Koon Bo – Vancouver, BC

Koon Bo
5682 Fraser Street
Vancouver, BC
Tel: 604-232-1218

Koon Bo Restaurant on Urbanspoon

The idea of a Signature Dish is a well known concept for aficionados of Chinese Food.  It is no different in many other cuisines, I suppose, but in this city, the opportunities to sample such dishes seem boundless. Word of mouth is usually how I hear about a particular restaurant’s specialty so I try to keep an ear to the ground.

It is not uncommon to patronize a restaurant solely for one particular dish. Debates around Who Makes the Best What are rampant in Chinese community. Traditional dishes such as Soup Dumplings, Pulled Noodles, Peking Duck, just to name a few, require skilled and experienced cooks to be able to produce exemplary renditions. And then sometimes a restaurant’s signature dish is a unique, but un-traditional take on a classic often created by a mom-and-pop operation.


Koon Bo has been operating at this Fraser Street location for over twelve years. It has gained a good reputation as a solid Westernized Chinese restaurant that serves the usual – Chow Mein, Wonton Soup, Lemon Chicken, and so forth. But whenever you mention Koon Bo to anyone – the response is usually: “have you had their shredded chicken salad?”

Chinese Chicken Salad is a North American take on certain “traditional” styles of Chinese cold chicken dishes. Bang Bang Chicken, a dish originating from Sichuan province is the most likely inspiration. The dish as we North Americans know it can be traced back to California – perhaps from the 1920’s. The typical preparation is fairly standard – cold shredded chicken and blanched or fresh vegetables are tossed together in a sweet sesame oil dressing then topped crispy noodles. I would often see it prepared with iceberg lettuce, cucumbers, celery, almonds, pineapple, raisins, and other distinctly un-Chinese ingredients. It is really sesame oil dressing that gives this dish that Asian-ness and brings it all home.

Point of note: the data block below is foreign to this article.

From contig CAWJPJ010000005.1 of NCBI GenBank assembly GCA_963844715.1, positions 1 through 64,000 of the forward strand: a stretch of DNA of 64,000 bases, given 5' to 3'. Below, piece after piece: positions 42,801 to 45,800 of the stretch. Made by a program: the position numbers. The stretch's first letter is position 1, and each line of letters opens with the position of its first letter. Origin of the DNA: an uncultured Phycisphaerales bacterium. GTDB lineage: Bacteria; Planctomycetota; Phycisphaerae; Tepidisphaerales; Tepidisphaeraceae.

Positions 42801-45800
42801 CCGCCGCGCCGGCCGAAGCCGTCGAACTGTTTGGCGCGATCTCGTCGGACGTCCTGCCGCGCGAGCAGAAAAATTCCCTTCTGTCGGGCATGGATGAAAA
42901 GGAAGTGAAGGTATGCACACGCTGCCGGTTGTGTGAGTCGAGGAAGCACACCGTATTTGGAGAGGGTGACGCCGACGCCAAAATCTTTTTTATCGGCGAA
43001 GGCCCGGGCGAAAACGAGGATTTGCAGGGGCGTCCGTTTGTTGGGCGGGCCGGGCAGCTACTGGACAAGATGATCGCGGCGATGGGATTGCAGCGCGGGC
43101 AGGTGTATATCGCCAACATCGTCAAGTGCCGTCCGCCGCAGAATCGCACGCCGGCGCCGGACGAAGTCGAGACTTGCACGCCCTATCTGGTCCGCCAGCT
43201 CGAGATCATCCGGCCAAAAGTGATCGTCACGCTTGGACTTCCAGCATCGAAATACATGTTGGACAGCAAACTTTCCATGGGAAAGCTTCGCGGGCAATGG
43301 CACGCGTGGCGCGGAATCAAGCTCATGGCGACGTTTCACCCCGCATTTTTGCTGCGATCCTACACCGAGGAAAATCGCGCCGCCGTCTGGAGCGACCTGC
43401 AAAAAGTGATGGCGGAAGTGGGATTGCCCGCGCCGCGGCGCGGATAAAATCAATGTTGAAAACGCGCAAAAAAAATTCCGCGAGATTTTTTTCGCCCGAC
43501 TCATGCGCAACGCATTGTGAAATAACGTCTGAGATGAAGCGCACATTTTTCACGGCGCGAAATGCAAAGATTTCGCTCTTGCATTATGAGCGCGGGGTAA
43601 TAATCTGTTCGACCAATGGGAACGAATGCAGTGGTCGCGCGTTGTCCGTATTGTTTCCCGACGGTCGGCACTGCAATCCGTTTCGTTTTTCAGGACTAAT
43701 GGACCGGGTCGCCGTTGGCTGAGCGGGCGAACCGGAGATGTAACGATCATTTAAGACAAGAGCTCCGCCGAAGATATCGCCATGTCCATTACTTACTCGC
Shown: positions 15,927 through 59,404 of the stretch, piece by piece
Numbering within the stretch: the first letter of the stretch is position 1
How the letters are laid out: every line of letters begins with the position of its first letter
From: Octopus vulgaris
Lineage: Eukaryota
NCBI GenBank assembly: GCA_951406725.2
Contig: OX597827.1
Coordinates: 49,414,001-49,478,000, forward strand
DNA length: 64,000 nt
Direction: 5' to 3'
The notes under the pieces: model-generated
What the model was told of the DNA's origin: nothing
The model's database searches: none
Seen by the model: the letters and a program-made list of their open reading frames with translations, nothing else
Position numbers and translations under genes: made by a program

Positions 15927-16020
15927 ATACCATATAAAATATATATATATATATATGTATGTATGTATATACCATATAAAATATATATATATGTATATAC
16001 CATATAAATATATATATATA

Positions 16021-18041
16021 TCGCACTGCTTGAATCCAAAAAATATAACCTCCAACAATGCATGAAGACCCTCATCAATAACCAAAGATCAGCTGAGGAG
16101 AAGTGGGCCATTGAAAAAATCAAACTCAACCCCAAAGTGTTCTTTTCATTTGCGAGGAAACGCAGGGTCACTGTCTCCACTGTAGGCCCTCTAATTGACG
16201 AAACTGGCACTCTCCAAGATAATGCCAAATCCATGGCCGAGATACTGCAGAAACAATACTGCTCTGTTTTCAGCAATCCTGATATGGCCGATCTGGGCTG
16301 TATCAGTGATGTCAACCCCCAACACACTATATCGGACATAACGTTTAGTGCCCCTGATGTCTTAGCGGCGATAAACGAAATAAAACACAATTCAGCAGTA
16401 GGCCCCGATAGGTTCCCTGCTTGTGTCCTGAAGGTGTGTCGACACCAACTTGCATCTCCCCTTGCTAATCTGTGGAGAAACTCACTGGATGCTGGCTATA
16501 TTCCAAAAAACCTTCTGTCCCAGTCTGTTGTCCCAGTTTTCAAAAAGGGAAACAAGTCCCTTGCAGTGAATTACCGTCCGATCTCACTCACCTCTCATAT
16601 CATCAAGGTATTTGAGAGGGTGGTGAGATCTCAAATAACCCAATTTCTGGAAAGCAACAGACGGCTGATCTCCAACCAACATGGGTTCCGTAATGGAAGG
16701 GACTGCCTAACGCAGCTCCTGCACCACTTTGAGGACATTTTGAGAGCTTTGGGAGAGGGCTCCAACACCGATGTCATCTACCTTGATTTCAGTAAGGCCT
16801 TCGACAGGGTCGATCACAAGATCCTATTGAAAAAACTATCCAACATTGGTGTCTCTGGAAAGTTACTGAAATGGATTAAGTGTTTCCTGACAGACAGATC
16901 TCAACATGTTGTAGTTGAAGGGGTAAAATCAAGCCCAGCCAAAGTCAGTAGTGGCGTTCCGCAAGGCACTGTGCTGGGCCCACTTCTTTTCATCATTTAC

Koon Bo’s version is unique in the addition of jellyfish shreds and a house-made sweet pickle. I couldn’t quite determine the main component of the vegetable pickle – it looks somewhat like shredded Mustard Green (Ja Cai) or Chinese Turnip. Instead of the usual pungent preparation (as in Tianjain Preserved Vegetable) the pickle is very, very sweet (almost cloying). It works very well in this dish.


The shreds of jellyfish are a textural element and add little to the flavour – it merely adds an interesting crunchy-chewiness. The crispy deep fried noodle topping completes the experience. Here, they use wider wheat noodles rather the more commonly used Chow Mein noodles (or, as in certain parts of North America, La Choy crispy Chow Mein Noodles from a can – gasp!)


Today, we also ordered a bowl of rice and some good old fashioned Chicken and Chinese Mushroom Chow Mein to fill out our lunch. The Chow Mein was good – but not particularly memorable. The Chow Mein not unexpectedly took a backseat to the salad – still it certainly hit the spot.


Koon Lock, just up the road, serves a very similar version of the Chicken Salad. Someone told me once that the proprietors of the two restaurants are related – brothers perhaps.

As a postscript about Chinese Signature Dishes – I note that the the new (Vancouver-based) Chinese Restaurant Awards has been specifically designed around the concept of signature dishes….they have 25 Signature Dishes chosen by a panel of judges. (Koon Bo’s Chicken Salad didn’t make the list…they actually won an award for a Spot Prawn dish that I have never had) I think that these awards is a good first step in truly recognizing the significance of this cuisine in this city.  Considering the incredible influence Chinese cuisine has on this city’s gastronomy, it gets remarkably little coverage in the mainstream food press.

Koon Bo Restaurant on Urbanspoon